The Russians Part 2: Nikolai Gogol

I don’t know if you noticed, but this post is rather late. How ridiculous is it that I forgot about my own challenge? Anyway, sometime in late April I remembered to pick up the Collected Tales and Plays of Nikolai Gogol that I had reserved at the library ages ago. It was a scary, big, leather bound edition, and it was heavy. Lugging it around everyday was a bit difficult but it was definitely worth it.

I read Dead Souls in the past, and while I appreciated the subject matter I found it a bit hard to read. But The Overcoat and Diary of a Madman were superb, so I didn’t know what to expect from Gogol this time. I was very pleasantly surprised by The Squabble (also known as The Tale of How Ivan Ivanovich Quarelled with Ivan Nikiforovich). Who knew Gogol was funny? This is a humourous story set in a small town, all the characters are practically caricatures yet remarkably realistic specimens of the type of people they are supposed to be.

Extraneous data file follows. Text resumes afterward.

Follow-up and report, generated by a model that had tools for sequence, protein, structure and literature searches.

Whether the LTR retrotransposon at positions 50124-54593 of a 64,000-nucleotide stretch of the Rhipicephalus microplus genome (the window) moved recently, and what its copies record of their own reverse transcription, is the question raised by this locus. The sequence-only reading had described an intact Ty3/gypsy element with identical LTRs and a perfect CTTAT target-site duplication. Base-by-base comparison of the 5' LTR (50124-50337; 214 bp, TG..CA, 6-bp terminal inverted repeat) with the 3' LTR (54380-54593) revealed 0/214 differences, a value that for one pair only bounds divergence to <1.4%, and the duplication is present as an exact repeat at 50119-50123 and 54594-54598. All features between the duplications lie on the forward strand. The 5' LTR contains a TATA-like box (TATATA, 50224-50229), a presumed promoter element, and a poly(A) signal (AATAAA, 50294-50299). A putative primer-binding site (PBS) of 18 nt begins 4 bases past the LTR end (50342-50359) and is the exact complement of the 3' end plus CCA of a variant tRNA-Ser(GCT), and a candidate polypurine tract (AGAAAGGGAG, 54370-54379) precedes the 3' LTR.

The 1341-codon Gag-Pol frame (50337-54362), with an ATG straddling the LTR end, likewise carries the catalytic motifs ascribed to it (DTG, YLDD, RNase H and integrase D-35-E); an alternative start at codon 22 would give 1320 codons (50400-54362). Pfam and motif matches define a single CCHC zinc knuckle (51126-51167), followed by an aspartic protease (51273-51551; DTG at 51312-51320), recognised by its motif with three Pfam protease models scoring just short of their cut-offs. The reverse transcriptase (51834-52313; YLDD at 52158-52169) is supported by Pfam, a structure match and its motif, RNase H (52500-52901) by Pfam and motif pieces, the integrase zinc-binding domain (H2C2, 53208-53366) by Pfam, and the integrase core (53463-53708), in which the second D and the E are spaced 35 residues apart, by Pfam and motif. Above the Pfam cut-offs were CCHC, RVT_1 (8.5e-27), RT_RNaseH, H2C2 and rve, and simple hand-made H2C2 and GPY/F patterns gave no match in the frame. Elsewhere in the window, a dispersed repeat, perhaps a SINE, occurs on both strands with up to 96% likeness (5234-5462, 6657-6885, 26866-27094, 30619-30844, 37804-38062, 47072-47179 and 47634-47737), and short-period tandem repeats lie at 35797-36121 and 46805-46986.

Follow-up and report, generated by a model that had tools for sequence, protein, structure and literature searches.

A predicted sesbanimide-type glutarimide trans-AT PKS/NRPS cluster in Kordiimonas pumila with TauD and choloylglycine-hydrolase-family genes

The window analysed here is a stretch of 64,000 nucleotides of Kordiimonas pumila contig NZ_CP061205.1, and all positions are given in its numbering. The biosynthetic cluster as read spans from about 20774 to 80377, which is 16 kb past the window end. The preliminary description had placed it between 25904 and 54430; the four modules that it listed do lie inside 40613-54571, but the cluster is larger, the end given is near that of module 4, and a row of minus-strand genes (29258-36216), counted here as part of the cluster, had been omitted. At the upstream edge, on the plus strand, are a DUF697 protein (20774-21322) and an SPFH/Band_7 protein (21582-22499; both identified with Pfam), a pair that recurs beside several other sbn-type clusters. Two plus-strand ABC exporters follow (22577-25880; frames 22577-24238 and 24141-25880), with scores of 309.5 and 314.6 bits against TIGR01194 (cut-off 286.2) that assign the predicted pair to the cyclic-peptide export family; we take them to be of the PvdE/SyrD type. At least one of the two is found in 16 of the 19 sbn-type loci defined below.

The laughs were followed by tears as I couldn’t resist rereading Diary of a Madman which followed The Squabble. This is beautiful and Β heartbreaking, possibly my favourite short story ever. Another story in the volume that is worth mentioning is The Nose. I’m not so sure what this was supposed to be. I think I just didn’t get it, I kept thinking that everything that happens in it, which is not a lot, had some kind of meaning but I’m not sure what. If anyone has read it and understood what Gogol’s point was with this, I would really like to hear your thoughts…

Overall, I liked most of the stories of Nikolai Gogol. I’m really glad I read this book as I now realise he was a much more versatile writer than I had assumed. Next up in the challenge line-up is Fyodor Dostoyevsky. Here’s hoping I won’t forget.


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